Space is getting awfully messy. The amount of debris in Earth’s orbit keeps multiplying each year, damaging satellites and putting astronauts in harm’s way. If the problem gets severe enough, it could eventually make low-Earth orbit unusable.
Scientists have known about the space trash problem since the 1970s. Humans have placed thousands of objects into orbit since Sputnik, and some of those old satellites and ejected rockets are breaking apart. As pieces collide with each other at high speeds and shatter, they create more debris. Repeat until space is saturated with high-flying junk.
Yet despite ample warning, the world’s nations have never quite been able to agree how to solve the problem. The technology to clean up debris exists, but no one can decide how to pay for it. So that’s where economists come in.
In a recent paper, three economists argue that orbital debris is a standard “tragedy of the commons” problem. Space is a precious resource, and people overuse it, since no one pays the price for waste created by satellites. Similarly, no one person has incentive to clean up the mess themselves. Economists typically solve this problem with what’s known as a Pigouvian tax. Why not place a user fee on all orbital launches to pay for cleanup?
“User fees are a solution straight out of the Reagan era to deal with these environmental issues,” says Peter J. Alexander, an economist at the Federal Communications Commission and a co-author of the paper. (He helped write the paper in his spare time, not on behalf of the U.S. government.) “This is a classic commons problem.”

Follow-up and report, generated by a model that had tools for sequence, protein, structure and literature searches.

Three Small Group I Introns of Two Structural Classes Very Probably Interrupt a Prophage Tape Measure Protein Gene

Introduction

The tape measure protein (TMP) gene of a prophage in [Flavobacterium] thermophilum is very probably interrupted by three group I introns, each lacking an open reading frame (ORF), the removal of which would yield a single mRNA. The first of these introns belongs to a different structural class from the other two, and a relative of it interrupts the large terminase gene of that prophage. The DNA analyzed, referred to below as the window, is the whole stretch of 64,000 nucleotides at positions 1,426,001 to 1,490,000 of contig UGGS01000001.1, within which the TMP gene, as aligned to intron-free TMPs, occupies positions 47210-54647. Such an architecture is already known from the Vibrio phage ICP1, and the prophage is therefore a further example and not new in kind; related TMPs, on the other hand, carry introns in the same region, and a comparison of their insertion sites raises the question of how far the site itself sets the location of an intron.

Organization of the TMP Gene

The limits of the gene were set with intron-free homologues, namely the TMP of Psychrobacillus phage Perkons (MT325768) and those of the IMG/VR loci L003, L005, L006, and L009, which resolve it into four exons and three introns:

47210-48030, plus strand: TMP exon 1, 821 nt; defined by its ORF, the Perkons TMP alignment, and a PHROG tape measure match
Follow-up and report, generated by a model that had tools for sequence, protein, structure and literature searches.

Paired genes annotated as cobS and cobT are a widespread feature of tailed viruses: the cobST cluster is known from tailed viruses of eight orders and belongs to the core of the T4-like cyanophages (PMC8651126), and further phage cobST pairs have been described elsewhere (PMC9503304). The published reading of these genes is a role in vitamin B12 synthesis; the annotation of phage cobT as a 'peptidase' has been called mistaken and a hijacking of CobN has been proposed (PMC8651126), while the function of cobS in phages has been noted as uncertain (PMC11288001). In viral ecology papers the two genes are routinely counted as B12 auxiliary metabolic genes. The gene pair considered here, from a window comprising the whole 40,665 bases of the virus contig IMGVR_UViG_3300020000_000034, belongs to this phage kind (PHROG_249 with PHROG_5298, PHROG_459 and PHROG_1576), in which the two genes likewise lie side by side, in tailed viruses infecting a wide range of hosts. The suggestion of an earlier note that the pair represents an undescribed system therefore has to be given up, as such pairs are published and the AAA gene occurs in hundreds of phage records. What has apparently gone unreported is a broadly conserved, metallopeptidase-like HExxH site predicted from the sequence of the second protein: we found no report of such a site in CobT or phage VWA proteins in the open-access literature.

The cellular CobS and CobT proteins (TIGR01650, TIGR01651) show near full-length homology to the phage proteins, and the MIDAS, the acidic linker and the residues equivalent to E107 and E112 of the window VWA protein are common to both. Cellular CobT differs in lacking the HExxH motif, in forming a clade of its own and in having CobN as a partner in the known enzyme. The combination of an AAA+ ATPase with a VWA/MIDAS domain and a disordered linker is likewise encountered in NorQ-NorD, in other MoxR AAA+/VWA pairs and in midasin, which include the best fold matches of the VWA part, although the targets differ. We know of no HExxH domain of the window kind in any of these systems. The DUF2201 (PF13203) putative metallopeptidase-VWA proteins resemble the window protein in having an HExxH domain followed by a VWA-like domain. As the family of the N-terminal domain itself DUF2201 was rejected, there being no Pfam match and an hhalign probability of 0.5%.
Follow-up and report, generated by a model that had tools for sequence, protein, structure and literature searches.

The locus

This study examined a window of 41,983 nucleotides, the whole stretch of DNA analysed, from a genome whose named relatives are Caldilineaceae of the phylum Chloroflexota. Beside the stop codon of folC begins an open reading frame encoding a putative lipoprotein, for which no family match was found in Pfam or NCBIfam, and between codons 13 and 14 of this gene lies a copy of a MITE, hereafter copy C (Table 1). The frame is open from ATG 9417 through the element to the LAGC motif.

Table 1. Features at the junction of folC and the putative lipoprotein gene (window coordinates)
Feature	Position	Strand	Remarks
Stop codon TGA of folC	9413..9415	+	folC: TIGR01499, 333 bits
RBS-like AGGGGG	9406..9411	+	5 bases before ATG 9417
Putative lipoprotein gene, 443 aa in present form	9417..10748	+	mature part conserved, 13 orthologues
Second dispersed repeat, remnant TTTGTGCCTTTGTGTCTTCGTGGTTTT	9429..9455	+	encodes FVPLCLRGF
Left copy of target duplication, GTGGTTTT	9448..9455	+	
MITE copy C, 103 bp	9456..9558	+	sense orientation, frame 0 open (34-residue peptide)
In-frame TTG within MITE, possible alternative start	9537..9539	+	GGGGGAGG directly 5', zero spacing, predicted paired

The orbits around Earth are undeniably valuable. Satellites are used for everything from communications to television to Earth monitoring and military surveillance. Roughly 49 percent of satellites are in low-Earth orbit, which is also where astronauts work. Another 41 percent are higher up, in geosynchronous orbit.
The U.S. Strategic Command is aware of more than 21,000 man-made objects in orbit larger than 10 centimeters, but there are hundreds of thousands of even smaller pieces circling the Earth that can’t be tracked. Many of them are moving at extremely high speeds, some as fast as 22,000 mph.
That trash is increasingly a hassle. Satellites periodically have to adjust their orbits to steer clear of passing debris. Astronauts working on the International Space Station occasionally have to scramble into their Soyuz escape capsule when metal shards fly near, just in case a piece hits the station. “A 10-centimeter sphere of aluminum would be like 7 kilograms of TNT,” one NASA scientist explained. “It would blow everything to smithereens.”
“There are already a lot of costs associated with the ongoing debris cloud,” said Brendan Michael Cunningham, an economist at the U.S. Naval Academy and another co-author of the paper. “We have very expensive programs to track all that debris in orbit, using radar to send out early warnings to satellite operators. And satellites are being degraded on a regular basis.”